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East Lothian Food and Drink BID: A world leader

East Lothian Food & Drink created a world first as it came into being in 2016.

Nowhere else on the planet was home to a Food and Drink Business Improvement District – an innovation which has helped enhance and promote a vital part of the region’s economy.

And the organisation has certainly proven its worth, demonstrating how sector-specific improvement districts can deliver great benefits for its members and the communities they are proud to be part of.

Emma Bouglet, East Lothian Food & Drink’s business manager, said: “Membership has been growing. We have a good bunch of members. I co-own a gin company and was a member myself for four years before becoming manager. The great thing is that we all work together.

“We have larger proudcers who mentor many of our smaller companies.”

For every £1 received in BID levy monies, an additional £3 is leveraged through support and project funding. This equates to £222,000 across the five years of the BID term.

East Lothian is home to an impressive array of food and drink businesses, ranging from craft beer, artisan gins and wild foraged liqueurs to producers to quality meat, fish, seafood and dairy products to the creators of ice creams and hand-crafted chocolates.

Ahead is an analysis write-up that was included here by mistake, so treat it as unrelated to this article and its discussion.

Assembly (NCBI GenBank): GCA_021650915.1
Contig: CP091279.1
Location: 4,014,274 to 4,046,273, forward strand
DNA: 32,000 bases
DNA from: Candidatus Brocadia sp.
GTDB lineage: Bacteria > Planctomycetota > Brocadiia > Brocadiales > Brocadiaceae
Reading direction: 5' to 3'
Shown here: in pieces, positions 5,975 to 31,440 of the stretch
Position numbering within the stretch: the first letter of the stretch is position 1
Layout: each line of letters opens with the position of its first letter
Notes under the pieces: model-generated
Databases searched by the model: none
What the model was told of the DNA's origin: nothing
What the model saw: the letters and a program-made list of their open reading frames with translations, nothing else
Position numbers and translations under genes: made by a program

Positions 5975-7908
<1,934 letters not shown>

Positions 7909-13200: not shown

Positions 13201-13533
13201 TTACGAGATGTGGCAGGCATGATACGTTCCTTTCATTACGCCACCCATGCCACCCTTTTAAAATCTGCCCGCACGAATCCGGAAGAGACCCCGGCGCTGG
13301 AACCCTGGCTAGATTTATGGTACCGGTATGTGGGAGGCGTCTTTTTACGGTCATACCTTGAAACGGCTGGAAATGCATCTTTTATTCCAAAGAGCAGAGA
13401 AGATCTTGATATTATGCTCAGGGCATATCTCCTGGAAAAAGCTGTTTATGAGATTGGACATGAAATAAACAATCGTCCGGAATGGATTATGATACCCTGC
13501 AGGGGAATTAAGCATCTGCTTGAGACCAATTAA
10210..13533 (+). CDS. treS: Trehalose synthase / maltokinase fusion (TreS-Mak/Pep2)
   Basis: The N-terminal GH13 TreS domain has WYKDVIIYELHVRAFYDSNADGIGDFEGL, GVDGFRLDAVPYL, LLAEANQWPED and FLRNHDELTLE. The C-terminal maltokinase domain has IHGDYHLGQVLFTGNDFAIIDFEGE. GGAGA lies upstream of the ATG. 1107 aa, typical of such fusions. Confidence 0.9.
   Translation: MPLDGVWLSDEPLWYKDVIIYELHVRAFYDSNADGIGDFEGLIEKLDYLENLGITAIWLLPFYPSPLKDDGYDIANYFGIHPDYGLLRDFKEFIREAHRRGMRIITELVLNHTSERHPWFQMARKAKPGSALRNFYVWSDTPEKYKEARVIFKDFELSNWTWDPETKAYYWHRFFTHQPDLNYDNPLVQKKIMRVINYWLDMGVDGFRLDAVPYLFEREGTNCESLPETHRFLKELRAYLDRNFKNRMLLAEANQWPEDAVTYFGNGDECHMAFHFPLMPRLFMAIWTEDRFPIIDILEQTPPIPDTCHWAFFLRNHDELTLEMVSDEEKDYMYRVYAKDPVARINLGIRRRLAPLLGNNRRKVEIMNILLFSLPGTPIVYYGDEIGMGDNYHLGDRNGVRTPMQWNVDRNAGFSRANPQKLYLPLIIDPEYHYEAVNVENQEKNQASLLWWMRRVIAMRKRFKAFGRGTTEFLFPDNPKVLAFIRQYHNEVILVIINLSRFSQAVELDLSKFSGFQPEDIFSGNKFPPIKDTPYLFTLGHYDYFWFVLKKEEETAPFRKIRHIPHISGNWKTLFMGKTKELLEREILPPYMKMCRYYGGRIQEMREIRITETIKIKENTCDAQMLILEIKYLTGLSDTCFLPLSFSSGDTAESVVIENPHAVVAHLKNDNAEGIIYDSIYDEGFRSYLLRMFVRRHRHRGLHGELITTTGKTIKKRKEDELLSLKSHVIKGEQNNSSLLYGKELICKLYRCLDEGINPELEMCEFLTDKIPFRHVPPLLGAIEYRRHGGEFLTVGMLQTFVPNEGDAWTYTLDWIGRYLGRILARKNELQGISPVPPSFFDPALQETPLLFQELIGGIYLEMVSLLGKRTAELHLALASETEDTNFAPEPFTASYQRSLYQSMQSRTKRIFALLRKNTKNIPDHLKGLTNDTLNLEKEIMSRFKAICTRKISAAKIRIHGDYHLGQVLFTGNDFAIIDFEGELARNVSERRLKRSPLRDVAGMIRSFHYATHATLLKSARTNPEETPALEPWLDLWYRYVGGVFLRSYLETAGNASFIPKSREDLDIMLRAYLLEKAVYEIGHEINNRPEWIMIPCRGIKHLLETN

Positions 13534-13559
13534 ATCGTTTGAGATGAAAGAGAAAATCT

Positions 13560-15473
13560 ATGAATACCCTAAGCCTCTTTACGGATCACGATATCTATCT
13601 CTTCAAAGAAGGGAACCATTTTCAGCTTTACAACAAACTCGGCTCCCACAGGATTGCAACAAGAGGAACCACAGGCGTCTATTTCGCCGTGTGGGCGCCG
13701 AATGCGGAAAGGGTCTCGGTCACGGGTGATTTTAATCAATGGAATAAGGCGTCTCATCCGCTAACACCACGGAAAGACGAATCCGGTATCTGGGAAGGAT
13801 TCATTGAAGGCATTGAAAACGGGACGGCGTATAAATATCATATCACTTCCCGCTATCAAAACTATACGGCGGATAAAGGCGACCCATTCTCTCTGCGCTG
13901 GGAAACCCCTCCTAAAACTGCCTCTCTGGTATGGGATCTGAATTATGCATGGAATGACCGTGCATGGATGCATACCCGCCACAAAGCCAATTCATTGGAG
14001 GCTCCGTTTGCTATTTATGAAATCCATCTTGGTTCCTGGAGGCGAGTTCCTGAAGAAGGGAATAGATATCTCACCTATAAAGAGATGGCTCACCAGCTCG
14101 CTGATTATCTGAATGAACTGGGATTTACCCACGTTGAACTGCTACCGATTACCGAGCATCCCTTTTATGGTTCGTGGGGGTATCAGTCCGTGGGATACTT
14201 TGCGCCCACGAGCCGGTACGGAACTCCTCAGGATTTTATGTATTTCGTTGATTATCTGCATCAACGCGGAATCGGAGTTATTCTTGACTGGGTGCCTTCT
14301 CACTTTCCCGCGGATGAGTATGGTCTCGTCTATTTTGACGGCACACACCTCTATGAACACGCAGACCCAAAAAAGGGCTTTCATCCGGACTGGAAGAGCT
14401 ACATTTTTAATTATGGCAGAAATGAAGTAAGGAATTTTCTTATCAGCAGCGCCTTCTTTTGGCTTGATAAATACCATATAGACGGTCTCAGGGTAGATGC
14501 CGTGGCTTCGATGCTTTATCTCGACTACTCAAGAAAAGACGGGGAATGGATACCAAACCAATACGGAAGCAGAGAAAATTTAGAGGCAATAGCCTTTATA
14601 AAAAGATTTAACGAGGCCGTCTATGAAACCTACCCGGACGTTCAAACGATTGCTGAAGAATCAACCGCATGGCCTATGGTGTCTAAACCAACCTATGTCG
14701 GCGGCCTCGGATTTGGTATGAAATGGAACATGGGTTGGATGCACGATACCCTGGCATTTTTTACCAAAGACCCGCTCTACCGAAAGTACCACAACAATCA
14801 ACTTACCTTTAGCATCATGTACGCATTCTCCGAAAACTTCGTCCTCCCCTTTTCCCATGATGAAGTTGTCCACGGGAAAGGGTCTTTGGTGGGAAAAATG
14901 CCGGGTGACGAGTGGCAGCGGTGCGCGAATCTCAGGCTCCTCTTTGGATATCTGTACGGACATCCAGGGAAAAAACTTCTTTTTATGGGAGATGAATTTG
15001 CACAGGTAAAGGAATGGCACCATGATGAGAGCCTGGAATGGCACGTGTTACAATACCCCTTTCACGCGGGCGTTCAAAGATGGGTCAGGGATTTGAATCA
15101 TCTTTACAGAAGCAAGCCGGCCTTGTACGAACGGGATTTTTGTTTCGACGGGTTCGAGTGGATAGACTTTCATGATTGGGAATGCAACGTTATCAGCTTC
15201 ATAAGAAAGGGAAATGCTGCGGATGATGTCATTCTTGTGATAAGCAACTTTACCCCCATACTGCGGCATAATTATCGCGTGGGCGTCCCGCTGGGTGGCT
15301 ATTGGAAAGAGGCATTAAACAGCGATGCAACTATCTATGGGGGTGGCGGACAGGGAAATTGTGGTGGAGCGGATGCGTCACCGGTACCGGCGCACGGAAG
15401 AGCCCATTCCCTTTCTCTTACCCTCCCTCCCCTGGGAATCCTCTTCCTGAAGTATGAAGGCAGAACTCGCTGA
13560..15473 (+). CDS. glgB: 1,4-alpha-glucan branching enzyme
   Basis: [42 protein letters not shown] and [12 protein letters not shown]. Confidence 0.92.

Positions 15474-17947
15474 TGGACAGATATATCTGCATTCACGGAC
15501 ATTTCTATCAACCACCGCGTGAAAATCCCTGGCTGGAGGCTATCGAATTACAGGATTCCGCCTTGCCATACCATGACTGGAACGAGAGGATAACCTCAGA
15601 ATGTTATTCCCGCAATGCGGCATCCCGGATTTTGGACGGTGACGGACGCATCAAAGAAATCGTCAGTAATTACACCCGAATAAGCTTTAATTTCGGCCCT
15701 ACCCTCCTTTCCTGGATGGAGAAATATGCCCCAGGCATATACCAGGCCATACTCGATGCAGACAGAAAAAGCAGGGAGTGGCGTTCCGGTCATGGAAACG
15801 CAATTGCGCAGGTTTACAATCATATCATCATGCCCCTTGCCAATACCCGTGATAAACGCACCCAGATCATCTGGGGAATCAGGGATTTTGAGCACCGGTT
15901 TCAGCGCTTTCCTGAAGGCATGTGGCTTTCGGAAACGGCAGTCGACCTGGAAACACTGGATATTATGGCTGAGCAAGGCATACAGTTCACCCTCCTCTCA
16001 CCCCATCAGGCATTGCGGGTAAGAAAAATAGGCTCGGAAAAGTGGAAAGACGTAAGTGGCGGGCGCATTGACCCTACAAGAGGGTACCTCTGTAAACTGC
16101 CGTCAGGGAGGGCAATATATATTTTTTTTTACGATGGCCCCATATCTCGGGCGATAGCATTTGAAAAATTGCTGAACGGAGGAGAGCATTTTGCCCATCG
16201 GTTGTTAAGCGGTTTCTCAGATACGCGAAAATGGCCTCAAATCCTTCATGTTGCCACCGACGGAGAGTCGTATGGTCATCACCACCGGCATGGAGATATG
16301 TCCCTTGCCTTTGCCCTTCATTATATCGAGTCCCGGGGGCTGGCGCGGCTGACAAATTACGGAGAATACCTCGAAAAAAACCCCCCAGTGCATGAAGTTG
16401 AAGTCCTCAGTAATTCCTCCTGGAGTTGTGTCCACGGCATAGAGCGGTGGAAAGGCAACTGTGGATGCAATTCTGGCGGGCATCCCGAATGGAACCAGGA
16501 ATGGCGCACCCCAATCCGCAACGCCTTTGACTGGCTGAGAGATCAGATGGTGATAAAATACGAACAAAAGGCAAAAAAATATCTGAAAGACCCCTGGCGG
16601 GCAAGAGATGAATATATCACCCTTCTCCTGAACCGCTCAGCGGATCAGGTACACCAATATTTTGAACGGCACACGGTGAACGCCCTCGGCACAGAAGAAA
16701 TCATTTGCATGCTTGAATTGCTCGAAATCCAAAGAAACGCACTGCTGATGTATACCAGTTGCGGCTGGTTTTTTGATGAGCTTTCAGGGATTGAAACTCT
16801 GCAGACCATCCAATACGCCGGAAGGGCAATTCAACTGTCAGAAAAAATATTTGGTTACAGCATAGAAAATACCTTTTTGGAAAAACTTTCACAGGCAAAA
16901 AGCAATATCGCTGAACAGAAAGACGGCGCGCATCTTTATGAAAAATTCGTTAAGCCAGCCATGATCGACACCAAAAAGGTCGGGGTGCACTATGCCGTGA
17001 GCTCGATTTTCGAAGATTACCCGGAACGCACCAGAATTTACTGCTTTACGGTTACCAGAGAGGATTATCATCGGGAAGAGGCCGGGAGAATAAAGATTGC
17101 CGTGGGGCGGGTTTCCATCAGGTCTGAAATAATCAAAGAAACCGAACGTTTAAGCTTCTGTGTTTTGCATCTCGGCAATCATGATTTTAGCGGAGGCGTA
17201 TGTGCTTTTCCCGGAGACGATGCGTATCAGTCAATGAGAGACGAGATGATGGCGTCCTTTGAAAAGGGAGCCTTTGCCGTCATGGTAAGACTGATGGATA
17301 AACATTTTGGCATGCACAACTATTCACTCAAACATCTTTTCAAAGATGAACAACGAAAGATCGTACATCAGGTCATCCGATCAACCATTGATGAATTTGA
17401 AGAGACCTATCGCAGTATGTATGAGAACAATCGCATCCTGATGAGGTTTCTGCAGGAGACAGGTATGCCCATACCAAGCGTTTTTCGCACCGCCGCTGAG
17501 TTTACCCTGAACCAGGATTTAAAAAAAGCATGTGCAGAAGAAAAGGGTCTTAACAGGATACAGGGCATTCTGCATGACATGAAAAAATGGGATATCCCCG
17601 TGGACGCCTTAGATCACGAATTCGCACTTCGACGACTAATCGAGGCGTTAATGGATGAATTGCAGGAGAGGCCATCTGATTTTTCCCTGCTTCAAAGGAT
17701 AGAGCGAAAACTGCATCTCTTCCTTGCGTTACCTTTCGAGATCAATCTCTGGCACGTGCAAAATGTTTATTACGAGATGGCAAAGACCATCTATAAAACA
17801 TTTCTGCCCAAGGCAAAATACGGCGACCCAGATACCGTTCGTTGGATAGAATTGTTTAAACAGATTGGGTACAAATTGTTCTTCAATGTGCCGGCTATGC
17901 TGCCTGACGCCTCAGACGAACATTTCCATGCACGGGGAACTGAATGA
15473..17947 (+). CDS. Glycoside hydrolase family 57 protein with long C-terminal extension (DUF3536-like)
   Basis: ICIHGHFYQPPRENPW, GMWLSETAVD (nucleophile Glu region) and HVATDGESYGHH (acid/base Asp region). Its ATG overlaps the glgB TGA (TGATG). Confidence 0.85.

With the sector growing across the region, the BID was established to not only celebrate the very best of what the area offers, but provide a platform for collaboration between businesses, encouraging their growth and sustainability.

The organisation now has more than 40 members, ranging in size from small artisan producers to branches of international businesses.

It also boasts a growing number of supporters, including local restaurants, cafes, retailers, delicatessens and food delivery businesses.

Events – including a thriving network of farmers’ markets – and training initiatives are boosted by a vibrant website and social media channels which have grown into a hub for highlighting the people, businesses and products that make the sector locally so special.

Much of that work is about encouraging local people to realise, celebrate and enjoy all that is on their doorstep.

Emma said: “You’re stronger in numbers. We all do a good job individually showcasing produce, but when you go as a community – or, in our case, a BID – people get to see the whole picture.

“The BID has really helped create another avenue for businesses.” 

East Lothian Food & Drink chair, Chris Luca, added: “The BID provides an opportunity for collaboration, giving us a collective voice, which is able to influence future policy that affects our area and to improve our business opportunities.”

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